USA Today has an article about the recent storylines involving racism of "Friday Night Lights". I love the show and perhaps the writer has seen future episodes, but I don't agree with the statement about the easy resolution. I agree that it is nice to see a show about a small town (Dillon) that isn't hokey. I agree FNL has some of the best storylines about families, the families aren't happy or sad, they are both. The parents and children are neither always right, nor always wrong.
First, as the writer mentions, kudos to FNL, for doing a stpryline about racism that wasn't super clear cut. An assistant coach got tangled in his words while talking to a reporter. What makes it so real, so simple, yet so complex, is that the coach doesn't use racial slurs. In the game they used a trick play where the (white) quarterback made a lateral shovel pass to the (white) running back who made another lateral pass to the (black) running back who then made a forward pass to the quarterback. The reporter commented that the black running back (nicknamed Smash) was a quarterback on the JV team and should they maybe consider him for the spot. The coach responded that Smash was in the right place, that a guys like him and some other players are really good in the power running positions. The savvy reporter noticed that the players listed were all black and was the assistant coach ("Mac") suggesting that black players are better suited to certain roles?
So what was great (if you will) about it is that Mac doesn't think he is being racist, he thinks he's appreciating special talents and the fact that the talents seem to coincide with race, he doesn't see that that is, in fact, racism. And while there certainly are plenty of people who are balls out racist, I think a lot of what we deal with today is this type of more subtle racism.
Mac makes an apology but it is one of those spin type apologies we've all heard (I regret that my remarks may have cause offense...). And of course, as Smash himself says, Mac isn't a bad guy, he just says stupid stuff sometimes. The black players walk off of the team. The head coach is trying to figure out if one stupid remark (albeit made to a reporter) should really invalidate a whole career, that incidentally includes being a big part of the team's original racial integration. Mac offers his resignation, it is refused. The players realize they may be losing more than they stand to gain and return. And then they go visit a town that has even more work to do race-wise. Such that the game turns into a brawl in the fourth quarter. The game is called for Dillon (the main team) since they were ahead, and they are pulled over by some pissed off (white) cops on their way home who want to question Smash for his "role" in instigating the brawl. Mac points out that without a warrant they don't have a leg to stand on. When asked what the cops wanted, Mac tells Smash that the cops had made a mistake the way he did. So, a bit better of an apology.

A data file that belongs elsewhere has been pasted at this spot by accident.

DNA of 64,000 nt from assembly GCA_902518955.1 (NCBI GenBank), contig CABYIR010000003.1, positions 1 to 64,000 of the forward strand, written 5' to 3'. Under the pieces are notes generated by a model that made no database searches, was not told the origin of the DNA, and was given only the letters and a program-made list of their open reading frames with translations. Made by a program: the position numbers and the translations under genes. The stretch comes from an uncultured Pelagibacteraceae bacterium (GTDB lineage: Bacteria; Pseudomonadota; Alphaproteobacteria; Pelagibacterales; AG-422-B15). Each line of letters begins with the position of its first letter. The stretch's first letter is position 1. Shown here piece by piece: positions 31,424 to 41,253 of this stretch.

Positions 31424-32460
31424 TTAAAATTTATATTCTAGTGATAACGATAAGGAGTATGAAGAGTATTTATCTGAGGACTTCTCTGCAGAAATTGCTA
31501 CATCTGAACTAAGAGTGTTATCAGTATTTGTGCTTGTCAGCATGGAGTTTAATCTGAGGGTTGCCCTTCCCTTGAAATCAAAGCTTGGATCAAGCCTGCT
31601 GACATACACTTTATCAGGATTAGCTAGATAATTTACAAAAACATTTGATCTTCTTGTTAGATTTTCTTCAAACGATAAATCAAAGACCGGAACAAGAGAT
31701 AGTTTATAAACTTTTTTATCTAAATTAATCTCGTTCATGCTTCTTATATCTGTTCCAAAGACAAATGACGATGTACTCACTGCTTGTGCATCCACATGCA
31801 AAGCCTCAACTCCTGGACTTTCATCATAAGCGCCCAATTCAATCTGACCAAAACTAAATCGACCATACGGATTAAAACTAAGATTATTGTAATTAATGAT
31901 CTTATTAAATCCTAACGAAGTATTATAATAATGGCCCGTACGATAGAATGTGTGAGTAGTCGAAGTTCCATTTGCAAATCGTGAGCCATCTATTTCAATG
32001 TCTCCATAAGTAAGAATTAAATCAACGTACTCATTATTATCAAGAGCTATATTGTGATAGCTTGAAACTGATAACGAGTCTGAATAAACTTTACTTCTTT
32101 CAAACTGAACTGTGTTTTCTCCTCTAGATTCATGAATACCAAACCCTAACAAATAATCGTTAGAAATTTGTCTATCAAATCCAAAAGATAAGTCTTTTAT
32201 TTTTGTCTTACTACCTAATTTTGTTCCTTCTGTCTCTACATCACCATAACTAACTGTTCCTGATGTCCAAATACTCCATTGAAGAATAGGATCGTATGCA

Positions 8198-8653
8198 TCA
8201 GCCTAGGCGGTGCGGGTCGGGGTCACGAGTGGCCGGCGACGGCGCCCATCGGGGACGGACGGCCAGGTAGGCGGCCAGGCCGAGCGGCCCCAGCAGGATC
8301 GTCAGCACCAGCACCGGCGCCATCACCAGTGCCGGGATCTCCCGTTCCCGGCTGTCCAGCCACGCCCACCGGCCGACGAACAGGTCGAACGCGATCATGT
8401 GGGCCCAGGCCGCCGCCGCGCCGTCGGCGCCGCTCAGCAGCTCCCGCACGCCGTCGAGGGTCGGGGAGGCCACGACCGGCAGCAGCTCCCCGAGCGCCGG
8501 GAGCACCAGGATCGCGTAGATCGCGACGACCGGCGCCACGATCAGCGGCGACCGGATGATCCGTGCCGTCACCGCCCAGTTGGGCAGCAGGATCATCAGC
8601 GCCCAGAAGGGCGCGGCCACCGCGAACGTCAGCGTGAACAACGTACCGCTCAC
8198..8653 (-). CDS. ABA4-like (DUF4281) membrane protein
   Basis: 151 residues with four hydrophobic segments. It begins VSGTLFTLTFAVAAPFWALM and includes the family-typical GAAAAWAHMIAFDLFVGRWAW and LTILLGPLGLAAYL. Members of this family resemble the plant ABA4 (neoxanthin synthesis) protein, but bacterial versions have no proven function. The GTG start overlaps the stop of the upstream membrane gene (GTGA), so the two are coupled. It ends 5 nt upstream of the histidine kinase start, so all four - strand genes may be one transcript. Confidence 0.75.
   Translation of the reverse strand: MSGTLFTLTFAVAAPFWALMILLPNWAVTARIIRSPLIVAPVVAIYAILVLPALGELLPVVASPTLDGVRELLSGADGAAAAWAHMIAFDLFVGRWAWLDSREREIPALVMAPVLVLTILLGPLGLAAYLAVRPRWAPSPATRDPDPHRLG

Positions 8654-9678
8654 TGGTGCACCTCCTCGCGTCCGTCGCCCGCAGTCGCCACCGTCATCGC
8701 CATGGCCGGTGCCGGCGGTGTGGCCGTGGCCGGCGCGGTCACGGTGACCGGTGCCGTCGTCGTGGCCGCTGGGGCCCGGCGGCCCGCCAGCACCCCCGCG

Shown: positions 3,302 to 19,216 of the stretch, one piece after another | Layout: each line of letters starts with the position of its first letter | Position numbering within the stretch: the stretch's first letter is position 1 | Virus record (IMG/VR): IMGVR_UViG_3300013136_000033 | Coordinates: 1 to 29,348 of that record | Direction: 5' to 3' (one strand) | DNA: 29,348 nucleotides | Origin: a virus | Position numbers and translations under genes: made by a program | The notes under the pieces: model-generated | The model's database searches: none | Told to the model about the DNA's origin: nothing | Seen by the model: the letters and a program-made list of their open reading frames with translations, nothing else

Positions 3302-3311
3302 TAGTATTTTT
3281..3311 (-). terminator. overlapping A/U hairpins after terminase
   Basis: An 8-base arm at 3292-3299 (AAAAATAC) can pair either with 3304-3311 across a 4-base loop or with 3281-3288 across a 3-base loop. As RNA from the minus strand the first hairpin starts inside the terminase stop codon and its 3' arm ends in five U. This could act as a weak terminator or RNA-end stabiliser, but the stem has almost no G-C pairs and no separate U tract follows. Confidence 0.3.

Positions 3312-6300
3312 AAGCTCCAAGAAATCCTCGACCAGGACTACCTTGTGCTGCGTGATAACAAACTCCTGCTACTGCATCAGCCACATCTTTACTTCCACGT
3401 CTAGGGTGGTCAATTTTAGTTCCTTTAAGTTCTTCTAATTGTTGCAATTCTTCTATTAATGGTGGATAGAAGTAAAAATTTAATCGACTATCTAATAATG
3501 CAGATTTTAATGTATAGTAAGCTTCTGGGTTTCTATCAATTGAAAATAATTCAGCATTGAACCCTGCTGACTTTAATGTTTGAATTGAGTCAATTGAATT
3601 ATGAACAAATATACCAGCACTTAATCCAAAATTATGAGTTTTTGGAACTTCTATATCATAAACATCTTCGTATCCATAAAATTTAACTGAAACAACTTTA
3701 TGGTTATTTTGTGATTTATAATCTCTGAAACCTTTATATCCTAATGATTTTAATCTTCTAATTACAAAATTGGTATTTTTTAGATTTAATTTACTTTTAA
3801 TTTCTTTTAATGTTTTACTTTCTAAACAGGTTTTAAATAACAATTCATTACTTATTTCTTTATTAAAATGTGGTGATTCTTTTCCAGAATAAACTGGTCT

While it remains to be seen if the racism storyline continues, I don't think this was in any way an easy resolution. Yes, it's wonderful that everyone on the team seems to be cool now. But I think that the reality is it is very hard, especially as a teen, to figure out how far to push things. If someone is treating you well, but maybe not thinking about you for other positions because of your race is that wrong? Sure. But how do you counter that? Especially if you like the position where you landed? Do you make a play for something you don't really want for the principle? And as Smash's mother points out, is maybe the best way to counter low expectations just to go and exceed them. Go, play, get a scholarship, and be successful in life. And while it was spread over two episodes, there is an interesting contrast between how Waverly, Smash's girlfriend, thinks he should fight and how his mother thinks he should fight. Both agree he is a leader, and he should set the tone. They just have different ways for him to do that. And neither of them is wrong. Which makes none of the choices Smash - and all the rest - face easy.